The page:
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Bay Area Resilience Challenges

Flooding and Sea Level Rise

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  • 14 Life Below Water
  • 15 Life On Land

Over the last century, mean sea level in the Bay Area has risen more than 8 inches (20 cm).

Recent projections show a likelihood of an addition 1.1ft (0.33m) by 2050, and between 2.5 and 3.5 ft (0.74 to 1.37 m) by 2100. When projections for ice melt from a major Antarctic ice sheet are factored into the calculations, sea level could rise up to 10.2 ft (3.1 m) by 2100. Flood risks from extraordinary events like king tides or major storms pose additional threats on top of these figures and threaten people, property and infrastructure onshore. Even if emissions levels are significantly reduced, recent studies indicate that a minimum of 6.54 ft (2 m) of sea level rise over the next several centuries is effectively inevitable.

Without any additional protections in place, 3 ft (0.91 m) of sea level rise would likely pose serious flood risks to vulnerable areas in and around the city of San Francisco, including parts of the Embarcadero, most of San Francisco and Oakland international airports, and parts of Corte Madera and San Rafael along Highway 101. In response, many municipalities are planning to implement measures to mitigate or protect against these threats. A recent ballot measure was approved to fund reinforcements to the Embarcadero seawall, which protects the eastern shoreline of San Francisco. Studies on sea level rise scenarios have been completed for several neighborhoods in the city of Oakland, and the municipality is also developing a new 2030 Equitable Climate Action Plan that is being discussed within the City Council.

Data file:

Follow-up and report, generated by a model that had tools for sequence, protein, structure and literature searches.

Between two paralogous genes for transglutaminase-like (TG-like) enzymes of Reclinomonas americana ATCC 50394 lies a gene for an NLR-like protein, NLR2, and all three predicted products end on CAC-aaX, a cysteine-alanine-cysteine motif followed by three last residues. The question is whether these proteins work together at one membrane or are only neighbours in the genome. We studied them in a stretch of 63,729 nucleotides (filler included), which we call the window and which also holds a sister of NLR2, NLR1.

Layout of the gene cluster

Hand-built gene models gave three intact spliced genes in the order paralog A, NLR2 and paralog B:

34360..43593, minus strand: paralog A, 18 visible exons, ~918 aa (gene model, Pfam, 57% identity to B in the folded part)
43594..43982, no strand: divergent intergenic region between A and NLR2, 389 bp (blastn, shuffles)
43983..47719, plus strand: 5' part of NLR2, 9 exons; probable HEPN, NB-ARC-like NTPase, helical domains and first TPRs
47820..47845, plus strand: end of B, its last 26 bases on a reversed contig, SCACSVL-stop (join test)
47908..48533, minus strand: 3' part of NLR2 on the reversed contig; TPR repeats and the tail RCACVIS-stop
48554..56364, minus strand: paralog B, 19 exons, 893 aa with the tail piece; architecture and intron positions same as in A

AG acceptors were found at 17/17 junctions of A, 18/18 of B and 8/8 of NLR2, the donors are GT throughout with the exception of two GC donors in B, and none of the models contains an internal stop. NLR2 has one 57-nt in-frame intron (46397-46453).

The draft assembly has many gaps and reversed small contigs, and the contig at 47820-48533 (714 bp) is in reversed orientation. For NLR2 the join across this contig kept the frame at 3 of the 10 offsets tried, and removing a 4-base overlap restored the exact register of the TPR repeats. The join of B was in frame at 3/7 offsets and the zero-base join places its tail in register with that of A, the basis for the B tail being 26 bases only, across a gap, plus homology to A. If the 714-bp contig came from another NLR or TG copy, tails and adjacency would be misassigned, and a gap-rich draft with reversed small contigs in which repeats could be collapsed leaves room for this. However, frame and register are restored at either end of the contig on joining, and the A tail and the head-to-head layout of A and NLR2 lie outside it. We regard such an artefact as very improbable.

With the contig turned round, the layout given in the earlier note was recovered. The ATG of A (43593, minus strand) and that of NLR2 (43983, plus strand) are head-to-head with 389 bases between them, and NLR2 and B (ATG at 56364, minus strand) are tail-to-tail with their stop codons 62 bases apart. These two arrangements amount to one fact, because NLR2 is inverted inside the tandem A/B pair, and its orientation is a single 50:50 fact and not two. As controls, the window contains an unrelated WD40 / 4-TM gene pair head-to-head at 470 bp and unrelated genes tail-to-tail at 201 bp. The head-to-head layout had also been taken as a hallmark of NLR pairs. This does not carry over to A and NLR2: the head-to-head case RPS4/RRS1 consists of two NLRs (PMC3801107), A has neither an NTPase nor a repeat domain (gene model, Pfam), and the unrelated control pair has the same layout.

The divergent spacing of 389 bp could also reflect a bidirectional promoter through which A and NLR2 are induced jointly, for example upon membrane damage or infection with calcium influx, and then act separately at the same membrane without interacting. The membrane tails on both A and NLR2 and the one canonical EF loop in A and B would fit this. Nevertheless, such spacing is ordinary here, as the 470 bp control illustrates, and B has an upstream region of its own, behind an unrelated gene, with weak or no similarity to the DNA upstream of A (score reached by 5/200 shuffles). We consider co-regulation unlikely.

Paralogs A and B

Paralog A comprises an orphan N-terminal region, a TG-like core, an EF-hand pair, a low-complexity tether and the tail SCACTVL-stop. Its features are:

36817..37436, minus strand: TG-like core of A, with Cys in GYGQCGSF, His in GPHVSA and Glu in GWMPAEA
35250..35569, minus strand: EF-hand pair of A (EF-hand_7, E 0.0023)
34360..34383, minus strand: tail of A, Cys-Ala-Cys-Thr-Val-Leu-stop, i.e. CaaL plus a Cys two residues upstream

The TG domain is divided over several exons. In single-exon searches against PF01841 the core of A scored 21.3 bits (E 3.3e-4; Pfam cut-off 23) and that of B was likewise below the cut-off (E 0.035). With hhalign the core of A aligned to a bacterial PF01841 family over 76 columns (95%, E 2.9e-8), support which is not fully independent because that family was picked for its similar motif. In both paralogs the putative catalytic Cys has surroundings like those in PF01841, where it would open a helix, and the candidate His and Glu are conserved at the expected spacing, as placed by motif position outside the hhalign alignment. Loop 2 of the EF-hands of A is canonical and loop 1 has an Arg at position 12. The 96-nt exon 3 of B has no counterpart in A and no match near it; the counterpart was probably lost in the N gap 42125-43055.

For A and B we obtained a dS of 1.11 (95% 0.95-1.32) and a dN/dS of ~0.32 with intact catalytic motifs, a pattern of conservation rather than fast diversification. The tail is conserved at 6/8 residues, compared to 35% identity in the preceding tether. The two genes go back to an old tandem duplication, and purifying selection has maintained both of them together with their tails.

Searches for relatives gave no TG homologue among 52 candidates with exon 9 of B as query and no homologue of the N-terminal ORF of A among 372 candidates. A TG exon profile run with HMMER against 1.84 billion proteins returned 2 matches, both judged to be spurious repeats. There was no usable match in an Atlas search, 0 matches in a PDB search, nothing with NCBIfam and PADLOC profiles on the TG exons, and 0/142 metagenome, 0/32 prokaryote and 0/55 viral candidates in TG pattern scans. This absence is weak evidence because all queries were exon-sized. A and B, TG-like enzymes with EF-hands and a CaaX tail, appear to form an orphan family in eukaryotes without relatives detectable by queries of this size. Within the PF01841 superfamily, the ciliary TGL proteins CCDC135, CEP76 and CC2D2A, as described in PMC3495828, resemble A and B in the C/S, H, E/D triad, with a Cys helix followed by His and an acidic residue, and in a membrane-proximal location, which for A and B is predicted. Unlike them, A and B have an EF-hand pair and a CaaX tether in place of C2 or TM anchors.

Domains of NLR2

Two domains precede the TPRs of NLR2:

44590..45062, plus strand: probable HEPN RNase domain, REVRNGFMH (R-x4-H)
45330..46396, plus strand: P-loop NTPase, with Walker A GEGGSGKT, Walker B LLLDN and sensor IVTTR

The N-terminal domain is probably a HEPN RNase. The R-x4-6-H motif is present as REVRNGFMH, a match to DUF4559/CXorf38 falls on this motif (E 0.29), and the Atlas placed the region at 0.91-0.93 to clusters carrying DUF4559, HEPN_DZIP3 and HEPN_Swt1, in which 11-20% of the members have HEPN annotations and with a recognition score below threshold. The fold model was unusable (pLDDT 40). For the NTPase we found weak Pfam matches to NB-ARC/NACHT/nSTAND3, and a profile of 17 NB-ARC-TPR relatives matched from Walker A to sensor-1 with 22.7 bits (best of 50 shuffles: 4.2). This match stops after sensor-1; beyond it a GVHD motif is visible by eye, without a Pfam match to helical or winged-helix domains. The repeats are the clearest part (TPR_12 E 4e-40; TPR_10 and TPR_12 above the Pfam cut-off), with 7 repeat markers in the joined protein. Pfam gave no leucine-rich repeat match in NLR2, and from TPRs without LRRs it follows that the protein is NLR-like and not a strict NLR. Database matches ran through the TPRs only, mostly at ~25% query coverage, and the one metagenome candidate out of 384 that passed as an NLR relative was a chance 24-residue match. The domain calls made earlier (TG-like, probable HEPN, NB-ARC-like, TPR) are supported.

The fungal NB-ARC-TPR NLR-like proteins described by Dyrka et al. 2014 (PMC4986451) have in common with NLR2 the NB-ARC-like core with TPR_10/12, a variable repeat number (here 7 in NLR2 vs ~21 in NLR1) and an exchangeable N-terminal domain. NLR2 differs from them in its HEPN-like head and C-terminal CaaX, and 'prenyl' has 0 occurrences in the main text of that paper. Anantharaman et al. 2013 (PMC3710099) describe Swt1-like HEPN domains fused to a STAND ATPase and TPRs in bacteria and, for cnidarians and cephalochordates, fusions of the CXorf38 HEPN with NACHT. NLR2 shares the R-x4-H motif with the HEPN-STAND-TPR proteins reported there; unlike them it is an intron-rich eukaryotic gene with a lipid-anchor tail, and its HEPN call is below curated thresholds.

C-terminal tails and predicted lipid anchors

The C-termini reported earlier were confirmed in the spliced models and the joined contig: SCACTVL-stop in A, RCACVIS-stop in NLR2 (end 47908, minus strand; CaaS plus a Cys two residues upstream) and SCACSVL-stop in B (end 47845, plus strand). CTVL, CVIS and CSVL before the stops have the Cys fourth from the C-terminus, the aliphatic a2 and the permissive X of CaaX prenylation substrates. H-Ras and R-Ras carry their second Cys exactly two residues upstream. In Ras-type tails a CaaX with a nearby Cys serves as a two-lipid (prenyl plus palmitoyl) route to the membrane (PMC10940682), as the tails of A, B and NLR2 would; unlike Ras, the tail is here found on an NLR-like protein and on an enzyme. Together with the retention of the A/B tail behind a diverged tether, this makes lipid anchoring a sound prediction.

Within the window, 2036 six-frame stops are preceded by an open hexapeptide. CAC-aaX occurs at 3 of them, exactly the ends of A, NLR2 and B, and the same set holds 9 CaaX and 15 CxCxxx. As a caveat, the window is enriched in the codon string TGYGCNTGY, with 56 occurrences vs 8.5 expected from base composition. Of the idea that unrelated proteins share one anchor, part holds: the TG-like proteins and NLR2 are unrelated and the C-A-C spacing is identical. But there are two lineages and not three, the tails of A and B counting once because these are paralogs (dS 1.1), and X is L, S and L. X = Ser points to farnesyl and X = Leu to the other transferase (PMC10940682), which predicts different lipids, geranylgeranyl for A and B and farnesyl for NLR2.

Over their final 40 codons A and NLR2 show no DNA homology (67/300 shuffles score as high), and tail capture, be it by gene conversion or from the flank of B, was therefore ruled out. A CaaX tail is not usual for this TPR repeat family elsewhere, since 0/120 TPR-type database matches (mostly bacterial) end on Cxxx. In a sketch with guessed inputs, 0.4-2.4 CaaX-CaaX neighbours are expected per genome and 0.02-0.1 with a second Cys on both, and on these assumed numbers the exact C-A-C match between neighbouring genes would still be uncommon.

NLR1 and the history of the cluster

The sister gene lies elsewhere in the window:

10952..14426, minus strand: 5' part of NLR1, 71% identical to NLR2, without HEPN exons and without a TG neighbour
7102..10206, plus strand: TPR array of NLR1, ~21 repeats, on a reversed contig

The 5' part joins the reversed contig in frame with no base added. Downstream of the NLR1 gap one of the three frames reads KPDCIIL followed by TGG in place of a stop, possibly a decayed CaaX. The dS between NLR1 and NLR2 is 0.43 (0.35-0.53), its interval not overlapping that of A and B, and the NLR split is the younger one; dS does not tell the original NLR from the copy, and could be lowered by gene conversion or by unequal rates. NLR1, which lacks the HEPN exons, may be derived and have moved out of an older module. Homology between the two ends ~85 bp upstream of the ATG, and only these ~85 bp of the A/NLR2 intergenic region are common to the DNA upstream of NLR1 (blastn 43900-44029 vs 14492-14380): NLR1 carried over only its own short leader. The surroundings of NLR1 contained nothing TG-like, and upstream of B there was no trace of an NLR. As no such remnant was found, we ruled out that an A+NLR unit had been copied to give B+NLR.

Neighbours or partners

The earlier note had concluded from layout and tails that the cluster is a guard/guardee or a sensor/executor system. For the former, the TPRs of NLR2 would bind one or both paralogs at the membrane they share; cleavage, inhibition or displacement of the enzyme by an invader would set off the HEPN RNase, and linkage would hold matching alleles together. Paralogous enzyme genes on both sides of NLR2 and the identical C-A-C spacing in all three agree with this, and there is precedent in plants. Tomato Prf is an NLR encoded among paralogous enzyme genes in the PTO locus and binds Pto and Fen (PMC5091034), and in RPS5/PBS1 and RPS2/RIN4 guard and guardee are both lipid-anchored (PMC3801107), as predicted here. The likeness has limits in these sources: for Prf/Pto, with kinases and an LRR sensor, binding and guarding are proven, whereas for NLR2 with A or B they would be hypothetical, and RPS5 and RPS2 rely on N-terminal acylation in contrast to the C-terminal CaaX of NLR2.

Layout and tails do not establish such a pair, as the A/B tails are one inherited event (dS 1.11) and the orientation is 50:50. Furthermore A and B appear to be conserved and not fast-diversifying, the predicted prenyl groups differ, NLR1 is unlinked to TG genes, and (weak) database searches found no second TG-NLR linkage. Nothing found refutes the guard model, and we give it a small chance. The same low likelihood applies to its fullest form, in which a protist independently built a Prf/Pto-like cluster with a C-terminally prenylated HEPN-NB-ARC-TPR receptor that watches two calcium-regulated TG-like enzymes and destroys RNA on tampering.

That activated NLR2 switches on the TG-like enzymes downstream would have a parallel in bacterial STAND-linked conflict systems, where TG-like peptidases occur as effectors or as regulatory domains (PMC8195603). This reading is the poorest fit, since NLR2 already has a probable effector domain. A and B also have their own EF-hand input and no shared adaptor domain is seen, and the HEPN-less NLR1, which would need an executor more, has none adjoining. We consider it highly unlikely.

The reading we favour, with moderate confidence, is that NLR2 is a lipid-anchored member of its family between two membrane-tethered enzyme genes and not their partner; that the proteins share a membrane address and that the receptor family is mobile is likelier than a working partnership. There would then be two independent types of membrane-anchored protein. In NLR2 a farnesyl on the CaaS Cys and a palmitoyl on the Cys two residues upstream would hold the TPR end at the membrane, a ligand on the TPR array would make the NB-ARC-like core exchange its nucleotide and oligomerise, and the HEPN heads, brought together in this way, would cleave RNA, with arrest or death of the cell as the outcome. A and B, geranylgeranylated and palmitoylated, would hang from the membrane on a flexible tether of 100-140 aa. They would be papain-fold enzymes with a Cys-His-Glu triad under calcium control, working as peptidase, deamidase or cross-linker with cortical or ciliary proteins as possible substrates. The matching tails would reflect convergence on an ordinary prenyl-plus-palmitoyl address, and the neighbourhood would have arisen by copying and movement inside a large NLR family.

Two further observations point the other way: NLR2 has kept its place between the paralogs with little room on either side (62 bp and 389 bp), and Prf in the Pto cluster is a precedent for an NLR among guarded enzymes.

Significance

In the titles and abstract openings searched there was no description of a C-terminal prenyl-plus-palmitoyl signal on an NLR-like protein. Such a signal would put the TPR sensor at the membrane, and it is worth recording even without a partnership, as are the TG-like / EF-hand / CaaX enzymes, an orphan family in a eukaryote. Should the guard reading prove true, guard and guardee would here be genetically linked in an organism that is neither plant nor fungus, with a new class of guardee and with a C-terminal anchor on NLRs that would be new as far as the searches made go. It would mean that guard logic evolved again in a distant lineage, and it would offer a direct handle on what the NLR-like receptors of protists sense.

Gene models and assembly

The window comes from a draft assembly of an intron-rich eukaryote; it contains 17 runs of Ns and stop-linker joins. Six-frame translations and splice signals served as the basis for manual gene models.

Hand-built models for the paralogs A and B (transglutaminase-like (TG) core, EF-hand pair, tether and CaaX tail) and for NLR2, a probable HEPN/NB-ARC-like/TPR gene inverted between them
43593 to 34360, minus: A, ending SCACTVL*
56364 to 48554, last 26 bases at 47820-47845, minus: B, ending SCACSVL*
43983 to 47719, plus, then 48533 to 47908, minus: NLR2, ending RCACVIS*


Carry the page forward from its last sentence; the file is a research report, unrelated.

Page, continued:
Read more in the San Francisco Bay Area Summary Report from California’s Fourth Climate Change Assessment.

Learn more about the Oakland 2030 Equitable Climate Action Plan.

Water Scarcity and Drought

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Between 2012 and 2016, California experienced the most severe drought of the last 1,200 years, which coincided with a 1-in-500-year low in snowpack in the Sierra Nevada mountains.

The record low snowpack caused $2.1 billion in economic losses, and approximately 21,000 jobs within the agriculture and recreation sectors were lost statewide. The lack of surface water supplies necessitated the overdraft of groundwater, exacerbating an ongoing and unsustainable trend of relying on dwindling aquifer supplies. By the end of the 21st century, average snowpack in the Sierra Nevada mountains is projected to decline by over 80 percent, a worrying phenomenon for the future of freshwater supplies in the region.

As global temperature increases due to climate change, longer and more profound droughts are projected to occur in California – regardless of whether total annual precipitation increases or decreases. This is of major concern for the provision of drinking water and food supplies, as well as for the integrity of natural ecosystems in the area.

Read more in the San Francisco Bay Area Summary Report from California’s Fourth Climate Change Assessment.

Extreme Heat

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Projections show that the Bay Area will likely experience significantly higher temperatures by 2050, even if serious efforts to curb greenhouse gas emissions are implemented.

The Bay Area currently has a relatively mild climate, moderated by Pacific air and its proximity to the coast. However, as temperatures continue to rise, heat waves will become more frequent and intense, posing increasing risks to public health and requiring the adoption of cooling infrastructure. As summers warm, energy demand will increase across the area, especially in coastal cities that have not required air conditioning in the past. Low-income communities, with limited resources to adapt, will be subject to compounded risks from rising temperatures.

Whether the global community invests in measures that result in the low- vs. high-emissions scenario will make a grave difference in how much temperatures rise in the Bay area by the end of the century.

Read more in the San Francisco Bay Area Summary Report from California’s Fourth Climate Change Assessment.

Coastal Ecosystems and Urbanization

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  • 15 Life On Land

The ecosystems that are part of the San Francisco Bay-Delta estuary are some of the most productive and valuable across the state of California.